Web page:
When people think about video games, they tend to think of them as experiences that revolve around mechanics. It’s all about the actions you take; the story takes a back seat. But this is becoming less and less true.
These days, there are some games that still focus entirely on the mechanics that define their gameplay. These games have little to no story to speak of, drawing players in with new and inventive ideas that can be played over and over again.
Then there are games that mix great gameplay and a story, leading you through a narrative that tasks you with surviving increasingly difficult situations. Not only are you treated to fun gameplay loops, but a story that develops characters and fleshes out the world. This is largely the norm for games.
But in the last couple of years, this trend has been bucked by games that can only be described as experiences. These titles sometimes task the player with doing nothing but explore a beautifully realized world. Some are more exploration heavy than others, but taking in the world and discovering the stories it holds is the main draw.
Possibly the best and easiest example of this – for me, at least – is Journey.
In Journey, you play as a mysterious cloaked traveler wandering a sea of sand, trying to reach a mountain that rises in the distance.
This journey (no pun intended) is filled with beautiful sights. The sun filters in through columns as you slide down the mountains of sand, the grains glistening in the heat. Underground caverns are patrolled by hulking stone serpents, shadows lying heavy on the sand. The music rises and falls in the perfect places, perfectly capturing the moments that dance across the screen.
So you walk a relatively straight path, freeing creatures made of ancient fabrics and learning why the entire world seems to be buried under an ocean of sand. Floating upwards through the world not only allows for more exploration, but a sense of levity in a world that has long been grounded. The world grows more hostile over the course of Journey’s roughly two-hour completion time.
This short length heightens the emotions the game aims to bring up in players. The entire experience begins and is over in one sitting. And other games that aim to be emotional experiences do as well. The shorter, the sweeter.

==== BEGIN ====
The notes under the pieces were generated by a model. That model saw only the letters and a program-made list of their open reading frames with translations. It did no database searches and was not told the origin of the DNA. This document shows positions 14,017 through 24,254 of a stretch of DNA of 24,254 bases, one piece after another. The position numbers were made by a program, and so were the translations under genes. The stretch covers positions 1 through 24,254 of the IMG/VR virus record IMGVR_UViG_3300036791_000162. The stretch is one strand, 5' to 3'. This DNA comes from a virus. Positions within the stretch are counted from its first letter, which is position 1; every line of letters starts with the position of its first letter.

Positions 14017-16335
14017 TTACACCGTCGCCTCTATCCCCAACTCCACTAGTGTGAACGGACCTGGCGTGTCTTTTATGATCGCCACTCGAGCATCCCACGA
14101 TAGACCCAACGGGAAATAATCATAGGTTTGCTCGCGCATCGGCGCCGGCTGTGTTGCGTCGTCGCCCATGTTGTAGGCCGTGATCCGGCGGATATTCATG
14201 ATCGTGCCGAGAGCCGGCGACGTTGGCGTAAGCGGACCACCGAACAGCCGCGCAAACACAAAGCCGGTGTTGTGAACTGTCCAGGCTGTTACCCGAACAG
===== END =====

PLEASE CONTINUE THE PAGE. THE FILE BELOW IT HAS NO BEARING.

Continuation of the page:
Despite being about the experience, these games still tell a narrative and they know not to overstay their welcome. Create something too short and it’s dissatisfying. Creating something too long and it becomes boring and bloated. But creating something that takes between three to six hours to complete ensures that a coherent and poignant story can be told.
Another fantastic example of this is Gone Home. In this title, you play as a woman who comes home after her family has moved into a new house. So the player is as new to the space as she is.
You spend the entire time wandering throughout the different rooms of the house, reading letters, watching old videotapes and generally just learning about the family. By the end, you’ve learned about the checkered past of each of your family members, as well as discovering a few things about the protagonist as well.
Wandering through the rooms, picking up items and ruffling through such personal quarters is a visceral journey that few games take players on. Not only is the story told through the artifacts in the room, but also the way things are placed, how they were left, and what condition they are in. This minute attention to detail is astonishing and gives the experience even more emotional resonance.
Since Journey and Gone Home sauntered onto the scene, more and more story-centric experiences have cropped up. Games that may not be as action packed as movies, but can tell more personal stories due to their interactive nature.
All of these games, or at least the ones I’ve played, have on thing in common: You are always alone. You may talk to someone on a walkie-talkie or hear their voice as it crackles through a recording, but you never come face-to-face with another human.
Journey does let you travel with a companion, but there is no way to communicate.
This sense of isolation puts a larger focus on the world that surrounds you. The narrative is the only thing to focus on. The world immerses you in the situation, capturing you with its beauty and atmosphere.
The story then draws you in further, no matter how simplistic it may be. The narrative and the world work in tandem, driving the experience and ensuring that exploration is your main goal.
These kinds of experiences aren’t for everyone. I know plenty of people who say they find walking around a detailed environment boring and unfulfilling. But if you find a story-based game that clicks with you, everything changes. These games are very personal experiences and need to be treated as such. Even if the path forward is explicitly laid out for you, everyone will experience and interpret the messages differently.
All this is to say that games can be more than jumping, slashing and shooting. While doing those actions are still incredibly fun and often rewarding, sometimes you just need to sit back, relax and take a walk.
Matthew Herst is a Carleton University communications student, video game journalist and Sudbury.com’s resident geek writer. Yeah, this guy loves video games. Besides Sudbury.com, you can also find his work on TheNerdStash.com. Follow him on Twitter @supergurst.